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Inside the Navy – Marine Corps Deploying More Dust Abatement Equipment to Iraq (TPD0609021)

Inside the Navy – 09/25/2006


Posted: Sep. 25, 2006


The Marine Corps is equipping its force in Iraq with more hardware to distribute dust palliatives, which help reduce the hazards of landing helicopters in desert environments.

The palliatives are dispersed by 900-gallon trailer-mounted hydroseeders, 1,200-gallon skid mounted hydroseeders and 2,500-gallon scraper-mounted water distributors. The hydroseeders are made by Finn Corp. of Fairfield, OH, and the water distributors are manufactured by Caterpillar.

Currently, there are eight of each type of hydroseeder in Iraq. Additional hardware will be fielded to all garrison units there by end of the year, Mike Farley, team leader for material and construction equipment for Marine Corps Systems Command, told Inside the Navy last week.

The water distributors should be fielded by March 2007, Farley said.

The objective is to have 25 hydroseeder trailers mounted, 25 hydroseeder skids mounted and 25 2,500- gallon water distributors, Farley said.

Since January 2004, four dust abatement technologies have been used in theater: EnviroKleen, Soiltac®, Surtac and Envirotac II.

EnviroKleen is a liquid polymer. It was developed by Midwest Industrial Supply, Inc. Soiltac was developed by Soilworks, as was Surtac, which the company licensed after it was developed by the Naval Research Laboratory. Envirotac II was developed by Environmental Products & Applications, Inc.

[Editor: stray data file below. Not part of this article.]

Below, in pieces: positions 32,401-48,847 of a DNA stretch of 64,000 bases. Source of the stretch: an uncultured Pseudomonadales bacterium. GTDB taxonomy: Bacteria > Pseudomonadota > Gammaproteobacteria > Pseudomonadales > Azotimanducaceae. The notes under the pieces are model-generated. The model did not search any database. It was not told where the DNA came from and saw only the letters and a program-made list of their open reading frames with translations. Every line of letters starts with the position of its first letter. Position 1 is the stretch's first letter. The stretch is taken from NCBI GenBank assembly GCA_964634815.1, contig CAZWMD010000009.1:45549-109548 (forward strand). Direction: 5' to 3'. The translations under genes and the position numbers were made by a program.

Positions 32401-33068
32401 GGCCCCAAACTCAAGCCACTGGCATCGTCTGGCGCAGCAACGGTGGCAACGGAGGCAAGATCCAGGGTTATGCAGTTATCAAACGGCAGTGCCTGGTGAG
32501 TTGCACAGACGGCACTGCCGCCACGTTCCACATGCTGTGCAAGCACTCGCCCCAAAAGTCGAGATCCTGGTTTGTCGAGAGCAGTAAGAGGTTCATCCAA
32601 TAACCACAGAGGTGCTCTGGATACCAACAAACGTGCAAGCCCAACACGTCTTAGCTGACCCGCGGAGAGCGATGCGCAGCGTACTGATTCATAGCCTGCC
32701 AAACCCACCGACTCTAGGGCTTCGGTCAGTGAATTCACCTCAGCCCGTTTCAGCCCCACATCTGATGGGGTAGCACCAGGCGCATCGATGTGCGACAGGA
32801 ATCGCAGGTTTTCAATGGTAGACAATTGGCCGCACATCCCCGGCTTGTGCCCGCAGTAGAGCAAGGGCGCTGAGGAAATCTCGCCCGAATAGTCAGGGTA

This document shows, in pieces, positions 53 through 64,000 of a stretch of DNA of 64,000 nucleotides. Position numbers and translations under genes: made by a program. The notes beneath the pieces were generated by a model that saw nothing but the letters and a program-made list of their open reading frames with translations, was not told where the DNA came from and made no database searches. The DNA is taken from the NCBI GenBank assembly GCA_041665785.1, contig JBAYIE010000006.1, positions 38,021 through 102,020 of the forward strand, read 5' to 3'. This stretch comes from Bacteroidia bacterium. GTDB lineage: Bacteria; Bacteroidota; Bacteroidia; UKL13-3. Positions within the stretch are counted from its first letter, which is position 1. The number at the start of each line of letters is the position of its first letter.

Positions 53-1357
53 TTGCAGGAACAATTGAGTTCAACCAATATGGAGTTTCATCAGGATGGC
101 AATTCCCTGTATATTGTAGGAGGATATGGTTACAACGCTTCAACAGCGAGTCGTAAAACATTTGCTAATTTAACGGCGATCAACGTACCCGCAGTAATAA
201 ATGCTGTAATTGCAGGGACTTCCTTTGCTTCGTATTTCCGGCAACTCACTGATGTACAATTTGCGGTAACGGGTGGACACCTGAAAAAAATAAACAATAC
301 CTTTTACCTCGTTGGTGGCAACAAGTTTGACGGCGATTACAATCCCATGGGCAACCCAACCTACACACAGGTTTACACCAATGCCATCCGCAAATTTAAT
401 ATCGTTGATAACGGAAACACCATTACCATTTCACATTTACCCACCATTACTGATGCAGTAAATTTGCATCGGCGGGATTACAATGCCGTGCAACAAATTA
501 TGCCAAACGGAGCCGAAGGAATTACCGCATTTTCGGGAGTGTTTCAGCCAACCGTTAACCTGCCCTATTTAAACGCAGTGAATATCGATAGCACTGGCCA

One particular palliative does not work better than another, Farley said.


“There’s mixed results,” he noted. “The palliative by itself is not totally the answer.”


Each palliative reacts differently in different soil types and the chemicals are best used in combination with gravel and matting technology, Farley explained.

“What we’re trying to do is combine [mat] technology with a [liquid] membrane type, dust abatement material. You would have a 200-by-200 square foot area you would stabilize with a liquid membrane and then you would come and put your mat membrane in the middle, let’s say 100-by-100,” Mike Jiavaras, the expeditionary airfield team lead at Naval Air Station Lakehurst, NJ, explained to ITN in February (ITN, Feb. 27, p1).

This testing is ongoing, Jiavaras said last week.


“What we’re doing is sitting back and waiting for Naval Air Systems Command to provide the non-liquid application,” Farley noted. Naval Air Systems Command must approve all landing surfaces for aircraft, he added.

A dust palliative guidebook is set for release within 30 days, Farley said Sept. 20. The approximately 60- page book includes pictures and describes how each palliative should be applied.

“There are so many palliatives out there,” Farley said. “What we’ve done is we’ve focused in on those


that generally do not create any problems for the water [supply] or soil.”


Funding for the dust abatement program is $5 million in the FY-06 budget. Phased procurements are planned for FY-06 through FY-08. — Zachary M. Peterson

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